Complex links between appendectomy, ulcerative colitis and colorectal cancer ⋅ Inserm, From science to health

Appendectomy – the surgery to remove the appendix – reduces intestinal inflammation associated with ulcerative colitis, a chronic colon disease. But paradoxically, this benefit is accompanied by an increased risk of developing colorectal cancer. In Rennes, the team Inserm by Éric Ogier-Denis described the underlying mechanisms, in order to better understand the phenomenon and to inform the healthcare professionals involved in the care of these patients.

The appendix definitely gives scientists a hard time. Long considered a useless vestige of evolution, this small protuberance located at the level of the colon actually plays a complex role in intestinal immunity, which researchers are trying to untangle. In particular, a link has been established between appendix and ulcerative colitis, a chronic inflammatory disease of the colon. Individuals whose appendix has been removed due to appendicitis seem to be protected from this disease. So much so that, even in the absence of appendicitis, this intervention has become a therapeutic avenue for relieving patients suffering from resistant forms of ulcerative colitis, as an alternative to total colon removal. A clinical trial conducted in the Netherlands and the United Kingdom is also underway to test this hypothesis (ACCURE trial).

But the Inserm team of Éric Ogier-Denis, at the Eugène-Marquis center in Rennes, has reservations. While they have been studying the links between inflammation and cancer for several years, the researchers have highlighted an increased risk of a particular form of colorectal cancer in the event of chronic inflammation of the colon, exacerbated by a prophylactic appendectomy. ” Be careful, these are very specific cancers, linked to inflammation. These observations cannot be extended to the majority of colorectal cancers “, tempers Éric Ogier-Denis. To understand this phenomenon, the team studied the possible mechanisms involved in this association.

Anti-tumor immunity

The researchers worked with a mouse model that exhibits chronic inflammation of the colon mimicking human ulcerative colitis. They performed an appendectomy in some of them. This intervention led to a significant reduction in intestinal inflammation, but the operated animals developed more colorectal tumors than the others. ” There difference was very significant. We are talking about an increased risk of between 15 and 20% “, specifies Éric Ogier-Denis.

The scientists went on to explore different avenues likely to explain how appendectomy increases tumor risk in these mice. Those relating to an activation of pro-oncogenes or modification of the intestinal microbiota could be ruled out, but the analysis of the immune cells was conclusive.

The researchers observed a significant deficit in CD3 T lymphocytes and CD8 in tumors of mice in which an appendectomy had been performed. However, these cells are involved in antitumor surveillance. ” They act as sentinels capable of locating and eliminating cancerous cellsexplains Éric Ogier-Denis. It would therefore seem that the appendix plays an important role in antitumor immunity in the colon, by locally promoting the entry of CD3 and CD8 T lymphocytes. “, he suggests.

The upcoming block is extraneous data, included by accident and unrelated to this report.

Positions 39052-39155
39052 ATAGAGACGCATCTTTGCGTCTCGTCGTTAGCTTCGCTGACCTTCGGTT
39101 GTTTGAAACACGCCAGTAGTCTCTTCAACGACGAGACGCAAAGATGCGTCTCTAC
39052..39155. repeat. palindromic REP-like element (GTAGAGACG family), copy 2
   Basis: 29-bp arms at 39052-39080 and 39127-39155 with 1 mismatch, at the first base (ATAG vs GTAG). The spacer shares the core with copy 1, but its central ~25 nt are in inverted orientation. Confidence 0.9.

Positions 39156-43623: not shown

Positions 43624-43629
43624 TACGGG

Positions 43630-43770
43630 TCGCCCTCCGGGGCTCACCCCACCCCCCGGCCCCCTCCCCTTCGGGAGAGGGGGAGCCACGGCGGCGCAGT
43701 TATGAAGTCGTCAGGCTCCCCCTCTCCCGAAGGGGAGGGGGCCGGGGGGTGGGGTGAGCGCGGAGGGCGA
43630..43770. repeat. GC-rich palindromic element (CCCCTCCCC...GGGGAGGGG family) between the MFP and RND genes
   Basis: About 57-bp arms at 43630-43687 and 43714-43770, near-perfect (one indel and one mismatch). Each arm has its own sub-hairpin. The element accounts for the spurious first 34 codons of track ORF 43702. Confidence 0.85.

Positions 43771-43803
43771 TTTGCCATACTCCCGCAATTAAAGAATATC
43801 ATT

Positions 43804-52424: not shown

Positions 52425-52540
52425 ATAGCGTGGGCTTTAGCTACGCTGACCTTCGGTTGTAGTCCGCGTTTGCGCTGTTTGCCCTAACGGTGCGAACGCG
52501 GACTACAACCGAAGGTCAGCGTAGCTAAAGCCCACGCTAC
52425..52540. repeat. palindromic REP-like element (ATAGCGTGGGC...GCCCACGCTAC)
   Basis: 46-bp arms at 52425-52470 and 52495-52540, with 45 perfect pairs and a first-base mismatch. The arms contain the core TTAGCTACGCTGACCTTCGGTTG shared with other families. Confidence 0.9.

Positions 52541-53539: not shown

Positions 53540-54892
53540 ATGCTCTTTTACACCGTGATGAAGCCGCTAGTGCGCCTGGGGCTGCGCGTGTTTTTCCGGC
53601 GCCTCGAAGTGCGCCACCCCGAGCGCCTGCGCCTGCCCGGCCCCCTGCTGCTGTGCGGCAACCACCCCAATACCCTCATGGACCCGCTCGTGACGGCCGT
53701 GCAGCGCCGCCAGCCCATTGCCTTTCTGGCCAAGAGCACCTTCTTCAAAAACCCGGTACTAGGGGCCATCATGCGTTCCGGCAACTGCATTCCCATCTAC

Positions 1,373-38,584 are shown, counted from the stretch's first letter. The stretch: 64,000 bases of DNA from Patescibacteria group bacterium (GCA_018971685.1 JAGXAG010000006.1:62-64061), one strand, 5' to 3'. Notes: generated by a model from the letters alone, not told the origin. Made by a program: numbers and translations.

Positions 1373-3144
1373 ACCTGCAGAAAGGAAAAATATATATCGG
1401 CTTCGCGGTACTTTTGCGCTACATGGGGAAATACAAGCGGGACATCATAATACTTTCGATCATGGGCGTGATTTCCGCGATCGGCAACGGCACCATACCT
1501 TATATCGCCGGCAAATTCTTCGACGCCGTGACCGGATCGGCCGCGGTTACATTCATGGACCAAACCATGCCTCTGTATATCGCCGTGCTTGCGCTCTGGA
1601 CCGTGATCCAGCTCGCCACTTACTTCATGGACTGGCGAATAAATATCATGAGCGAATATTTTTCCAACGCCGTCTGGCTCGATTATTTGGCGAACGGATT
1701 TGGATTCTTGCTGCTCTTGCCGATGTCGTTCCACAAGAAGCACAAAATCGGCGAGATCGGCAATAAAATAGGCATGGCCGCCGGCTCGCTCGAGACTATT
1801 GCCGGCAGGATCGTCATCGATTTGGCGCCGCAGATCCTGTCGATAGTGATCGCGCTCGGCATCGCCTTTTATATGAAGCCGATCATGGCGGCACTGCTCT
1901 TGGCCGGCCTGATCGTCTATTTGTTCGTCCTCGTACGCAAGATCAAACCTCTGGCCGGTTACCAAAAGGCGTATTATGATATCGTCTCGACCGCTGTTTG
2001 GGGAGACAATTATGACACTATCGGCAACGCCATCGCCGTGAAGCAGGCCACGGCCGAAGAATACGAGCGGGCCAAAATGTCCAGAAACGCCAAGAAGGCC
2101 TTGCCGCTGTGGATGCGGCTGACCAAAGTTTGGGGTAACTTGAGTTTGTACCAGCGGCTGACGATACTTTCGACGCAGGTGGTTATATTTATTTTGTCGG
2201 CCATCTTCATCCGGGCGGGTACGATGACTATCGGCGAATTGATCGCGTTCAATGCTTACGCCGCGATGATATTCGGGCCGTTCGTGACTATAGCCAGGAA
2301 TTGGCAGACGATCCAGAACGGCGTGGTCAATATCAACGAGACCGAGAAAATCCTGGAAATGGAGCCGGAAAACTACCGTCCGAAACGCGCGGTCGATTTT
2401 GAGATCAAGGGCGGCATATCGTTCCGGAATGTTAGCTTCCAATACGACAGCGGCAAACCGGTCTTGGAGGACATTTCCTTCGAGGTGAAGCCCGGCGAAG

These observations were then confirmed on human tumor samples from patients with ulcerative colitis. Their analysis revealed a deficit of CD3 and CD8 cells in patients who no longer had their appendix, compared to the others. ” And the rest of our experiments confirmed that appendectomy blocked the arrival of these populations of antitumor immune cells in the colon. “clarifies the researcher.

A benefit/risk ratio to be monitored

To counteract this deleterious effect of appendectomy, the researchers propose two ethically complicated avenues to implement: first trigger appendicitis, which makes it possible to skyrocket the levels of CD3 and CD8 T lymphocytes in the colon before suppressing the appendix, or re-inject CD3 and CD8 cells taken from the patient and activated in vitro to stimulate antitumor immunity. While waiting to decide on the strategy to adopt, our results are important to communicate to surgeons and gastroenterologists, because they question the risk/benefit ratio of therapeutic appendectomy in the management of ulcerative colitis. Indeed, an inflammatory disease is less debilitating than a cancer that risks metastasizing. However, we do not yet know how long it takes for these tumors to appear and this remains a major question: the benefit of an appendectomy can become greater if it provides lasting relief to patients at the cost of tumors that would appear decades later, and which can be monitored and processed. This is what motivates the investigators of the ACCURE trial to continue their work. They hope that the benefit on ulcerative colitis will be major, while remaining vigilant about the appearance of a possible cancer. concludes Éric Ogier-Denis.

Eric Ogier-Denis is researcher within the team Cell plasticityTGFβ and oncology